Irrespective of the governmental funding source, the plan's rhetorical value rests in how it forcefully highlights, "the inadequate resources for public sector workers to confront the challenges of climate change at local, State, and Federal levels".
It is thought that much of the investment would also come from the private sector, which tax credits, research grants, and other government incentives could facilitate.
Proponents argue new jobs would likely emerge from the shift to renewable energy sources as demand for manufacturing and installing the technology to harness alternative types of power and upgrading smart electric grids will be high. Existing industries, from chemicals to cement, would also require massive labour inputs to incorporate cleaner production workflows.
3. Transport and infrastructure
As part of a larger infrastructure renewal, the Green New Deal also seeks to "remove pollution and greenhouse gas emissions from the transport sector as much as is technologically feasible".
This would be accomplished with a revitalised emphasis on zero-emissions vehicles, enhanced urban mass transit, and high-speed rail.
At present, the economic sector contributing the most to US greenhouse gas emissions is transport, at 29 percent - having reached a nine-year high in 2017. At the same time, emissions from electricity generation, 28 percent, and the industrial sector, 22 percent, have decreased in recent decades, according to the Environmental Protection Agency (EPA).
The agricultural, nine percent, commercial, seven percent, and residential, five percent, sectors are also significant emitters. One of the main projects cited in the resolution focuses on improving the energy efficiency of existing buildings and designing new structures to meet higher standards.
4. Clean air, good water, healthy food
Among the many aspects of a sustainable environment highlighted by the Green New Deal, the most notable are clean air, good water, healthy food, and access to nature.
Sustainable farming and better land-use practices that improve the food system are key in the deal, as well as to restoring and protecting habitats.
The diverse array of Green New Deal components would likely be enacted by different pieces of legislation over several years, like the New Deal itself. In many ways, the initial resolution from last month was a "request for proposals" that merely defined the scope of action.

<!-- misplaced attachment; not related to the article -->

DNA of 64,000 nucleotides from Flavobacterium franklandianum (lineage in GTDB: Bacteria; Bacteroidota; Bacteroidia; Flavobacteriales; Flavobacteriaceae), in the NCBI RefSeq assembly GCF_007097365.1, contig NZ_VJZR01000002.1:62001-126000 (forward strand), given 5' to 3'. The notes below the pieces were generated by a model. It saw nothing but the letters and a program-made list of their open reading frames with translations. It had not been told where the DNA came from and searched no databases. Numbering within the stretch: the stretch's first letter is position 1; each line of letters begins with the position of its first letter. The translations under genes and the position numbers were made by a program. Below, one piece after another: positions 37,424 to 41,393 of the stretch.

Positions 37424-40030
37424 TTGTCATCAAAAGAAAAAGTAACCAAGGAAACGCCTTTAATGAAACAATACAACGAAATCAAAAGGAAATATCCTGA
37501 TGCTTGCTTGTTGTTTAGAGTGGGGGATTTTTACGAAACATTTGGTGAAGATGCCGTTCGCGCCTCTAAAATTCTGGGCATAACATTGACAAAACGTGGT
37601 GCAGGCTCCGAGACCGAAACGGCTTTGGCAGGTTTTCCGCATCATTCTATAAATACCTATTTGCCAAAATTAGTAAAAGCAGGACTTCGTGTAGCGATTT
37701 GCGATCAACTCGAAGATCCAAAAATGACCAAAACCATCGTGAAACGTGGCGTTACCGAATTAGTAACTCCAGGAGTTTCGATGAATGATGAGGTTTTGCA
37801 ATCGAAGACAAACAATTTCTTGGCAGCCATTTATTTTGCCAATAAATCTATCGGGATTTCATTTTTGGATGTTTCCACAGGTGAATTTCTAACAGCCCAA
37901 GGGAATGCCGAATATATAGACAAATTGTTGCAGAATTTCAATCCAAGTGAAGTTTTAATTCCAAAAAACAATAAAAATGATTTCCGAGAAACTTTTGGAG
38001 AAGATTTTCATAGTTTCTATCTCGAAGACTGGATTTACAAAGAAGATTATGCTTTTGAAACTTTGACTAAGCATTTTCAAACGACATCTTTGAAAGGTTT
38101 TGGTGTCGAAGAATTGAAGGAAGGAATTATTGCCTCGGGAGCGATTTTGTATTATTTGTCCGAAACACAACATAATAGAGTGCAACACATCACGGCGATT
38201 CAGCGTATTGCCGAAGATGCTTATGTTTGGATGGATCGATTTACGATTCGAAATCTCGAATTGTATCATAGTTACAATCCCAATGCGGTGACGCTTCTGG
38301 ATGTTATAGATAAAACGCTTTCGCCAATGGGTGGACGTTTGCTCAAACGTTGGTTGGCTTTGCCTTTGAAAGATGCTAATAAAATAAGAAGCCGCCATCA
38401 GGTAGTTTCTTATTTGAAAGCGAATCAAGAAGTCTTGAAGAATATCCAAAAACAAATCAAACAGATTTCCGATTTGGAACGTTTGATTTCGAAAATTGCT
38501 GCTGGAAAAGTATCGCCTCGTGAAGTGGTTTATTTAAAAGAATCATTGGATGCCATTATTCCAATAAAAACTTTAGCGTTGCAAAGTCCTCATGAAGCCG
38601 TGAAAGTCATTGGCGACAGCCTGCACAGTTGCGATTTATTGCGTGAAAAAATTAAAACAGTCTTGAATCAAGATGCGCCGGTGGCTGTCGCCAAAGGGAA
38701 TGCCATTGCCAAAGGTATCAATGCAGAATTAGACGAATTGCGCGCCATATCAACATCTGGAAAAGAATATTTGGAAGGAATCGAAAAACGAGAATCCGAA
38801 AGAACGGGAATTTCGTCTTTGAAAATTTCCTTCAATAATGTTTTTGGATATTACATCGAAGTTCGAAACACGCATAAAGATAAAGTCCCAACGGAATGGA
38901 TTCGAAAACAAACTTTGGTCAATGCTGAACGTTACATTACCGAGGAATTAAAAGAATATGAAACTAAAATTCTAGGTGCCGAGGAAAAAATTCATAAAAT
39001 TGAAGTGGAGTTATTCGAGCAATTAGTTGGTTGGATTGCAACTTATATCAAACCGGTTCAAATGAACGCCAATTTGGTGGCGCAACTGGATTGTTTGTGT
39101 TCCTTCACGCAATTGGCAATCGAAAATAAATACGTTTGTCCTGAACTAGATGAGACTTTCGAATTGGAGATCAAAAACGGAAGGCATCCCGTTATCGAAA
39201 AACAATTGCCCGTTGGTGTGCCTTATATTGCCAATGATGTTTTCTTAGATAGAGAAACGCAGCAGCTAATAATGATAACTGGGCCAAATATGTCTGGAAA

Strategically, supporters aim to integrate the climate bills with other pillars of US economic policy, at a time when over one-third of young Americans say climate change is a factor in deciding whether to have children.
Some of the resulting job creation would be in emergency management, building resilience against climate-related disasters. The government would also champion efforts to mitigate and manage the long-term effects of global warming.
The last of the five goals in the Green New Deal covers pollution, from hazardous waste site cleanup to environmental fortifications in vulnerable neighbourhoods and regions.
The deal strives to "promote justice and equity by stopping current, preventing future, and repairing historical oppression of indigenous peoples, communities of colour, migrant communities, deindustrialised communities, depopulated rural communities, the poor, low-income workers, women, the elderly, the unhoused, people with disabilities, and youth".
What do critics say about the deal?
The Green New Deal contains enormous costs, and many conservatives believe that raising taxes to pay for the initiative will drive down economic growth, send wealth overseas and fail to generate as much revenue as needed.
Opponents suggest that a programme to combat climate change to the tune of one trillion dollars a year would compete for funding with other proposed big-ticket projects, such as Medicare For All, student-loan forgiveness, and free public college tuition.
Other critics have contended that in the so-called "tax the rich" model, it would be middle-class taxpayers who would ultimately foot much of the bill.
Moreover, improved US efforts do not guarantee compliance by other countries, and opponents have argued that US products would not be able to compete with countries that do not attempt to limit their carbon emissions. However, the border tax adjustment - a global, punitive tariff on imports based on their carbon footprint - is one proposed way to account for this "free-rider" problem.